I follow the promises, plans and pitfalls of Chicago’s innovative Array of Things sensor network, which officials said was for research and privacy experts suspected could be used for more.
Sensors collecting temperature, light, traffic and other data will start rolling out in Chicago this summer, Chicago’s chief information officer said Thursday at a Chicago Loop Alliance event.
Part of a project called Array of Things, the sensors are designed to track information that can be used by citizens and scientists to examine and improve city life. Fifty devices embedded with multiple sensors will be mounted on traffic poles and buildings in the Loop and another neighborhood that is yet to be chosen.
Privacy has been a top concern of citizens and experts since the project was announced. Some 500 sensors will be installed around the city by the end of 2018, tracking information on urban conditions. The first 42 sensors will be mounted this summer on traffic poles and buildings in the Loop and other neighborhoods.
The city of Chicago is preparing to install a network of sensors that will track people on city streets — walking, biking, driving — and privacy experts say it needs to better spell out how it will use that information.
July 18, 2016 AT&T to power Array of Things sensor network →
AT&T will provide internet access for Chicago’s upcoming Array of Things sensor network, the company said.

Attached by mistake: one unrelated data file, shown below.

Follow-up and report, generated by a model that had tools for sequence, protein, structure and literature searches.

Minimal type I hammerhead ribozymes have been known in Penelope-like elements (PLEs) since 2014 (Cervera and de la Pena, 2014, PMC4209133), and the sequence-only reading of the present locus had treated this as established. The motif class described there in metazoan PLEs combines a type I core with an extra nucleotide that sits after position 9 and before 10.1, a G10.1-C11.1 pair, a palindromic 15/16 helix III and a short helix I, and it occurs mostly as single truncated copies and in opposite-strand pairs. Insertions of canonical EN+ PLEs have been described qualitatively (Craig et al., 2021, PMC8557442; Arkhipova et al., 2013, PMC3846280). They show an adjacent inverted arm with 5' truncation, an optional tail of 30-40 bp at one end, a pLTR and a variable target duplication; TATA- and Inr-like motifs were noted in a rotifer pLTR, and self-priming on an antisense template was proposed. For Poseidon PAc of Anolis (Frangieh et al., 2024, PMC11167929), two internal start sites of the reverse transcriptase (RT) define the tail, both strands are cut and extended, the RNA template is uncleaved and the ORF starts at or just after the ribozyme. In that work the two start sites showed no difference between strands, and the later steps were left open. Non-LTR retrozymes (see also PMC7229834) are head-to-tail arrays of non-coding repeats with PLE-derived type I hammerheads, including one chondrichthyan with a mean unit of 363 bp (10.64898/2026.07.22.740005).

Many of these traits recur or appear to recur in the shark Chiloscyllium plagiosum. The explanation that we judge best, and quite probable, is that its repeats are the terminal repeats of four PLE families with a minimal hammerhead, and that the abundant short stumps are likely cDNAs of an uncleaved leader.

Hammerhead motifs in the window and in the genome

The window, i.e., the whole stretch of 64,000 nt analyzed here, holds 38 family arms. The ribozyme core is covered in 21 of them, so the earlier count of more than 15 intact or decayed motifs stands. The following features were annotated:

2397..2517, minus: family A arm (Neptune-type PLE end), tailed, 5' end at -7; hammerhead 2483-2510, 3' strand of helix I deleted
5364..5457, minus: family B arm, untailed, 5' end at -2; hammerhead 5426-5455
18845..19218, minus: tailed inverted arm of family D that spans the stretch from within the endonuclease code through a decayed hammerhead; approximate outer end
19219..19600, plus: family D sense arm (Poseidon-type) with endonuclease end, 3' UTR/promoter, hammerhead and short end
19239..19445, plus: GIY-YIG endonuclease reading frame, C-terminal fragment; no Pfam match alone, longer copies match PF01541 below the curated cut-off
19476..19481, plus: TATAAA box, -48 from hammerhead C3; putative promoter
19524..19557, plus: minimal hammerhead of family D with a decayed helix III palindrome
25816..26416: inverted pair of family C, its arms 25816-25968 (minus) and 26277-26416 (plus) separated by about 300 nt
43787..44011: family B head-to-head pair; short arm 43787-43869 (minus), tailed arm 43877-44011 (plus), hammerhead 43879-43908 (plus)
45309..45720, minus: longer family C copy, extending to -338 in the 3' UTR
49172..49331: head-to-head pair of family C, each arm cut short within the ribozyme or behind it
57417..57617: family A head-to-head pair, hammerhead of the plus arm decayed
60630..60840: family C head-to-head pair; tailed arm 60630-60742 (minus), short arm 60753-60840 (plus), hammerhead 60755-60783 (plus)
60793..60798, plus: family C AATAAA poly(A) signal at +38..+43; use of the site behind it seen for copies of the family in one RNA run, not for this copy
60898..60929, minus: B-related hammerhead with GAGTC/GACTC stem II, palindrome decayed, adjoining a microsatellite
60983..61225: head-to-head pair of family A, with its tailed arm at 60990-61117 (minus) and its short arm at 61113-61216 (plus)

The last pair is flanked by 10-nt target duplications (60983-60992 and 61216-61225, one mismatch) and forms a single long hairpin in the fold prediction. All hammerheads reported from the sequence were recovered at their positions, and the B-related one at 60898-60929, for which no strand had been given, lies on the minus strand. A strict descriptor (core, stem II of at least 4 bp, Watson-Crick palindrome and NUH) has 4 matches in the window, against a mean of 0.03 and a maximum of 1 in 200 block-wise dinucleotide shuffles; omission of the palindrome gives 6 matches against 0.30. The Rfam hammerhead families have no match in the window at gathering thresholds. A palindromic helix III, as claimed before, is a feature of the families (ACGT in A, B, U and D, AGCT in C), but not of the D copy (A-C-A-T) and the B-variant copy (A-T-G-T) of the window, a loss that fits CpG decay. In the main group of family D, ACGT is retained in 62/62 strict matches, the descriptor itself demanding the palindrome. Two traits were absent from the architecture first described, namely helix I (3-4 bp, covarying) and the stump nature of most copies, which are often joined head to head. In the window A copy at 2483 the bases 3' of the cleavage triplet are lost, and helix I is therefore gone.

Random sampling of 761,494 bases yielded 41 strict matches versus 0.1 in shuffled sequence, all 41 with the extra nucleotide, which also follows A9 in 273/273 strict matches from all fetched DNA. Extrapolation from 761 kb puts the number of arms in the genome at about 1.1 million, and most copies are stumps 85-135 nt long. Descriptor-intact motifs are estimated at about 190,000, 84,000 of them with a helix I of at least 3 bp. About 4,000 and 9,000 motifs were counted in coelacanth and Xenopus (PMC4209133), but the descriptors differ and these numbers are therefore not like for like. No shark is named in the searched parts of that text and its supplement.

Five hundred nodes that will include technology to collect environmental, pedestrian and traffic data are set to go up around Chicago by 2018. AT&T’s cellular data service will allow them to transmit information to research partners.
The first wave of up to 50 nodes containing low-resolution cameras and microphones as well as other sensors will start going up around the city by late summer, said Brenna Berman, commissioner of the Department of Innovation and Technology and the city’s chief innovation officer. The city initially targeted late July.
August 29, 2016 First Array of Things sensors installed on Chicago streets →
The first of a network of data-collecting sensors that could one day blanket Chicago are now live.
The city installed two nodes containing computers and sensors including low-resolution cameras as well as air quality sensors last week. They went up on traffic light poles at Damen and Archer avenues in the McKinley Park neighborhood on the Southwest Side and Damen and Cermak Road in the Heart of Chicago on the Lower West Side. The installation marks the launch of the Array of Things project, which was conceived in 2012 and originally slated to start in mid-2014.
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